“We challenge the idea of ‘punk’ as a genre and [see it] more as, hopefully, an ethic,” they explain, “one in which we try to be able to include everyone by trying to always play all-ages shows; invite and support bands, groups, and performers that are made up of other oppressed and marginalized folks; have sliding scale and no-one-turned-away-for-lack-of-funds shows; have sliding scale ideas with merch; invite trans, Black, POC, femme, short, etc. folks to take up space at the front of shows—stuff like that. If we have profit from shows and/or tours, we try to donate that to local folks [and] places in need and be transparent about the money we do or don’t have.”
Still, listeners won’t find much space between the music and the message on Friends. Lovers. Favorites. HIRS’ songs are swift, direct punches to the gut. They have an undeniable gift for brevity, and though some may be tempted to wax poetic about the artistic and political intent behind keeping their music short and their message simple, as per usual, it ain’t that deep.
“If something needs to be longer, we’ll make it longer,” they shrug, “but it seems we’re able to get our points across quickly. Also, if you hate us, you don’t have to deal with us too long, and if you love us, we’ll always leave you wanting more. That’s a pretty good feeling.”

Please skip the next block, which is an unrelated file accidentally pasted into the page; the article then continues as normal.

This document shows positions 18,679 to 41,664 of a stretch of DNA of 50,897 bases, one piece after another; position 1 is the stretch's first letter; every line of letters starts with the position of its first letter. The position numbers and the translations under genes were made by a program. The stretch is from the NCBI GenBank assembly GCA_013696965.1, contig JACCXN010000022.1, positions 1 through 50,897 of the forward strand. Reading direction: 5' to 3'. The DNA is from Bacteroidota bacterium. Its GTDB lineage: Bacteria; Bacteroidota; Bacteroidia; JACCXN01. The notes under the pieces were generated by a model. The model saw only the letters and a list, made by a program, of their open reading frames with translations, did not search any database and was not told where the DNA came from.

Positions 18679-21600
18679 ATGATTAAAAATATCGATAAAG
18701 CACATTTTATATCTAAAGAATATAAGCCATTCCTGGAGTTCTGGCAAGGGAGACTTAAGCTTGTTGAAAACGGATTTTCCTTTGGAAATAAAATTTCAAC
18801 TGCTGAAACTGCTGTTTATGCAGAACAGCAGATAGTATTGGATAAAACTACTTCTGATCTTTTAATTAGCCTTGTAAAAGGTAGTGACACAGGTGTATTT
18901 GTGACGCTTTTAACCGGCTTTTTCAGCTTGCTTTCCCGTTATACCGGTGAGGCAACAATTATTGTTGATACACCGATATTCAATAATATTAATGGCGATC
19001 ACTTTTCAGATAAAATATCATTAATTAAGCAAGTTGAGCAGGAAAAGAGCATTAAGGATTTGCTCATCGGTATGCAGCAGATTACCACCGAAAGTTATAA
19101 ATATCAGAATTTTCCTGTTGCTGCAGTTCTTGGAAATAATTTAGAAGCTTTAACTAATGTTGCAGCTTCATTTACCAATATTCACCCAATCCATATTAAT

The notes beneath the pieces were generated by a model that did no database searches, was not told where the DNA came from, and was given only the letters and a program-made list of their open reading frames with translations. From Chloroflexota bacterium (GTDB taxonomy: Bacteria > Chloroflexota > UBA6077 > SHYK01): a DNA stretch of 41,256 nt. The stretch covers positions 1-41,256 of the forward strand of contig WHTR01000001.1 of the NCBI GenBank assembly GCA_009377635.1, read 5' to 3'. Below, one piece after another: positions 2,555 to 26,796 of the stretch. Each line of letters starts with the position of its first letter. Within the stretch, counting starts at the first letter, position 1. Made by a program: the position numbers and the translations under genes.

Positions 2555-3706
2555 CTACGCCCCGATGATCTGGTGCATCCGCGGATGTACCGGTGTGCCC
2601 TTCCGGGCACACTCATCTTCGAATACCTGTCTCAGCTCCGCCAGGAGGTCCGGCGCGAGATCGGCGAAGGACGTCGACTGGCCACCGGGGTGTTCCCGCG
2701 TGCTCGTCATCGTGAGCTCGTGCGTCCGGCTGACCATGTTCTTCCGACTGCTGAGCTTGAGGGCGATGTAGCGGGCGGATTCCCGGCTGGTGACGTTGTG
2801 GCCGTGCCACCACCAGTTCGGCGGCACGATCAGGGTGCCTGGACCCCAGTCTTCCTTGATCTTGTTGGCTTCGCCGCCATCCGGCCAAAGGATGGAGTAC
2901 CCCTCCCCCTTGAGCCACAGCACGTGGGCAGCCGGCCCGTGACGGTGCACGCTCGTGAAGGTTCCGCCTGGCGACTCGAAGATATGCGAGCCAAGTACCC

Friends. Lovers. Favorites. may be HIRS’ first full-length, but the collective have already released a slew of splits, singles, and EPs containing literally hundreds of songs—most recently their lauded October 2017 EP, YØU CAN’T KILL US, and its November 2017 follow-up, How To Stop Street Harassment. Regardless, the new album feels like a major milestone in their progression, and they couldn’t be more excited.
“It feels huge,” they confirm. “We’ve normally written and recorded stuff over the course of maybe a month or a week or even just one day. This took about four years, and it was so involved and hands-on. It also involved so many of our friends, lovers, and favorites—hence the name, duh—so it feels so special to have so many angels we love and care about so much as a part of this record in so many different ways.”